(12) Mr. Sikri has, however, submitted that Exhibit P.3 alone is applicable to emergency commissioned officers and not Exhibit P.11. It is further argued that Exhibit P.11 is merely an executive order having no statutory force; according to him they are Merely Army instructions neither constituting an ordinance nor a law and thus unenforceable in the Municipal Courts. This contention has, however, been sought to be met by Mr. Kaushal on the ground that this precise point was never raised by the respondent in the pleadings, otherwise he could have adduced evidence to show the source of Exhibit P. 11 and to establish that it had the statutory force in the erstwhile Patiala State. The Rajpramukh, according to him, was the Head of the Army under the covenant between the East Punjab States to form Patiala Union and was thus fully competent to determine and settle terms of service of the Army personnel. Salary and pension were both paid to the Army Personnel under these rules and it is contended that it is no longer permissible for the Advocate General to assail their binding effect. Messrs Dalmia Dadri Cement Co. Ltd. v. Commissioner of Income-tax, AIR 1958 SC 816 was also referred to for the purpose of showing the scope and effect of the above covenant.
(13) Mr. Sikri has also relied on K. P. Shankerlingam v. Union of India, AIR 1960 Bom 431 where Desai J. held that tenure of office of Government servant, depending as it does on the pleasure of the president, dismissal under rules would not furnish a justiciable cause with the result that no suit for declaration would lie and on P. N. Sarkar v. State of Bihar, AIR 1960 Pat 366, for the proposition that the legal position of a Government servant is more one of status than of contract, and that once appointed, the Government servant acquires a status and his rights and obligations are no longer determined by consent of both parties but by statute or statutory rules which may be framed and altered unilaterally by the Government. The counsel deduced from these observations that since rules can be altered unilaterally by the Government their violation cannot, from their very nature, confer any right which can be enforced in the Municipal Courts. Reference was also made to Shaukat Hussain Beg Mirza v. State of Uttar Pradesh, AIR 1959 All 769, where Jagdish Sahai J., after making a reference to the provisions clearly reveal that a claim to pension cannot be enforced in a Court of law and the proper remedy is to make departmental representations. The provisions of the Civil Service Regulations were also construed to point in the same direction.
Finally, our attention was invited to an unreported judgment of this Court in Didar Singh Chima v. State of Punjab, Civil Writ No. 349 of 1959 (Punjab) where while considering the claim of a stenographer in the office of the Financial Commissioner, who had challenged by means of writ petition, the validity of an order of the Punjab Government, adversely affecting the petitioner's seniority, a Division Bench of this Court following the decision in Venkata Rao's case, AIR 1937 PC 31 held that a breach of statutory rules governing the conditions of service was not justifiable unless there is in addition contravention of a fundamental right.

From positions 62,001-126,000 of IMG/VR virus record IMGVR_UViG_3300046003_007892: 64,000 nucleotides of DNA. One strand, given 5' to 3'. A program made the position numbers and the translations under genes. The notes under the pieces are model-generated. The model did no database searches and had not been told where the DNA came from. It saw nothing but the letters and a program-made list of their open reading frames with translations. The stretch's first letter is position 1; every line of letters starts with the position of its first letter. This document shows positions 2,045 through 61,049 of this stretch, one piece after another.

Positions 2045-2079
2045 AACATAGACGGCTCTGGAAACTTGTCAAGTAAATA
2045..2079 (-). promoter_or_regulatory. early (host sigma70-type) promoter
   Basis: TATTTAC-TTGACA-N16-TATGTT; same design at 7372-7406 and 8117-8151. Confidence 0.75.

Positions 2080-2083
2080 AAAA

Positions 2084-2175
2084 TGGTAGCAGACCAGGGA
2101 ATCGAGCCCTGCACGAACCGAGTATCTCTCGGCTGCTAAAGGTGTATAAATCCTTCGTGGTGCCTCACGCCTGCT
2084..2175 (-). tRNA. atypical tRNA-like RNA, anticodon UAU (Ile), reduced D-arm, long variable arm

Most of the cases cited before us were also cited before the Division Bench and on a consideration of the various decided cases brought to their notice the preliminary objection of the breach of rules governing conditions of service not being justifiable was upheld. Mr. Sikri contends that this Division Bench decision is binding on us and, therefore, this appeal must be dismissed. Attention of the learned Judges deciding Didar Singh Chima's case, Civil Writ No. 349 of 12959 (Punj) was drawn to a decision of the Supreme Court in Nohiria Ram v. Union of India, AIR 1958 SC 113, in support of the contention that the violation of the rules gave rise to a justifiable issue and that the Supreme Court in that case actually went into the merits of the petition and considered the scope and effect of the various rules on which reliance was placed on behalf of Nohiria Ram in support of his right. The contention was disposed of by the Bench in the following words:
'No doubt, the various service rules were taken into consideration by their Lordships of the Supreme Court but it seems that the case of the State being strong on merits, the preliminary objection as to the non-maintainability of the suit was not taken'. I have sent for the record in that case in order to see as to what pleas were taken. In the additional pleas in the written statement I do find the following defence:
'The suit is not maintainable in the present form. Suit for declaration does not lie'.
But apparently this plea only assails the form of the suit. It thus appears that in the trial Court no precise plea based on the ratio of the Privy Council decision was taken; but when an appeal was filed against the judgment and decree of the Court of first instance granting the declaration claimed by Nohiria Ram, in the Memorandum of Appeal, this objection was clearly kept in the forefront and it was urged in the Memorandum of Appeal, that the only remedy in favour of the plaintiff-respondent was by way of departmental representation and not by means of an action in a Civil Court. The Division Bench hearing the case, however, went into the merits and allowing the appeal dismissed the plaintiff's suit. The objection based on the incompetency of the suit thus does not appear to have been pursued even at the hearing of the appeal because no discussion on this point appears in the judgment. In the Supreme Court also, this point does not seem to have been canvassed.